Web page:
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RSS By: Grinnell Mutual, AgWeb.com

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Proper medicine management can prevent poisonings at home

Mar 18, 2014

Poisoning is now the leading cause of death from injuries in the United States, as reported by the Centers for Disease Control and Prevention. As part of National Poison Prevention Week, Grinnell Mutual Reinsurance Company encourages people to use good judgment in storing and disposing of medicines to prevent poisonings at home. 

"Keep your medications where you can keep track of them," said Al Clark, assistant vice president for Special Investigations at Grinnell Mutual. "Keeping medicine in a safe place away from children can avoid an accidental poisoning."

More than 2 million poisonings are reported each year to the nation’s poison centers. According to the American Association of Poison Control Centers, approximately 90 percent of poisonings happen at home, and 51 percent of poisonings involve children under the age of six. The majority of fatal poisonings occur among adults, especially older adults.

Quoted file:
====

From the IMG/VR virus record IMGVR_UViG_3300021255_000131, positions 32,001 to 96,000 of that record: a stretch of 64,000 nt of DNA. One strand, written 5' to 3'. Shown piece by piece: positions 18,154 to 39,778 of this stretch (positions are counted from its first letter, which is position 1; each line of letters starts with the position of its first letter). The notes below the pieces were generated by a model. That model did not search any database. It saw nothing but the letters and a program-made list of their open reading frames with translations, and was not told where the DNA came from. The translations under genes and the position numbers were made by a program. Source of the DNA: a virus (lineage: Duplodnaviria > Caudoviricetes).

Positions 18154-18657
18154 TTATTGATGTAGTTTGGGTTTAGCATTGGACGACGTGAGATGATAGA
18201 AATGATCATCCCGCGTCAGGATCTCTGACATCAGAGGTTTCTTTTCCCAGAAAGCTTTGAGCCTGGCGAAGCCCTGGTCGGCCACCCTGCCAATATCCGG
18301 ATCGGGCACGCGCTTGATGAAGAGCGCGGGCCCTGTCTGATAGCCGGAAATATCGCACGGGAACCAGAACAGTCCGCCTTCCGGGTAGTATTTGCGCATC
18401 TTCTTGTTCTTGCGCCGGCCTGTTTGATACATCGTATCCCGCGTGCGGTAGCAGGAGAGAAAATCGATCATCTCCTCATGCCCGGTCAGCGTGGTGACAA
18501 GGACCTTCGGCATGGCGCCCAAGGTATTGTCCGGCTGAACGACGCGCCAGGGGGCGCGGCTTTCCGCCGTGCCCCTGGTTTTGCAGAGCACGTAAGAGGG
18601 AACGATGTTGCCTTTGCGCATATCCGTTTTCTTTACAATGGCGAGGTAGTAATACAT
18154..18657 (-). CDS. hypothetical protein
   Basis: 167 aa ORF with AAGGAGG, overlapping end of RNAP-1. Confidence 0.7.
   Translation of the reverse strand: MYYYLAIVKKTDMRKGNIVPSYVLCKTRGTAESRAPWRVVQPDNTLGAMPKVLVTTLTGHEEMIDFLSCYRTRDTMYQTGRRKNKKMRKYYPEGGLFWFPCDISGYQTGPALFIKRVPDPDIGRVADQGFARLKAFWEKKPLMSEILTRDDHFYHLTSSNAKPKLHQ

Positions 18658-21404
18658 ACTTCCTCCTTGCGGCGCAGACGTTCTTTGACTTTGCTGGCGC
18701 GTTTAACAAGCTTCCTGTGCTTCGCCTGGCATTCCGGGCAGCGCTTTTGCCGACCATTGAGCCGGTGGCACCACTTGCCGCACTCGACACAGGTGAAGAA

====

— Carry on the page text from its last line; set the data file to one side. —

Poisoning prevention is in your hands. The following medicine safety tips can help you protect yourself and loved ones in your home.

Store medicine in a locked cabinet.  

Ensure children can’t use chairs or stack items to climb to products stored out of their reach. Install safety latches on cabinets used for medicines.

Never leave your medicine out. 

"Look at where you’re keeping your medication," said Clark. "Are they within reach of small children?" 

poison prevention tipsAlways store medicines and household products up high, away and out of sight from children. Never leave medicine out on a kitchen counter or at a sick child’s bedside.

Clean out your medicine cabinet periodically. 

Safely dispose of medicines that are expired or no longer needed.

"An ounce of prevention, in this case, is worth more than a pound of cure," said Clark. "Don’t spend a whole day in an emergency room when you could have taken an extra five seconds to put medicines out of reach."

Always relock the safety cap. 

If the medicine has a locking cap that turns, twist it until you hear the click or you cannot twist any further. Close medicines if interrupted during use. Many incidents happen when adults are distracted while using these products. Remember that child-resistant is not childproof—it is designed to keep children away from the product for a short time before a parent notices.

Never call medicine "candy." 

Tell children what medicine is and why you must be the one to give it to them. Never call medicine "candy" to get a child to take it.

In case of a poison emergency, contact your local poison center at 1-800-222-1222.

 

 

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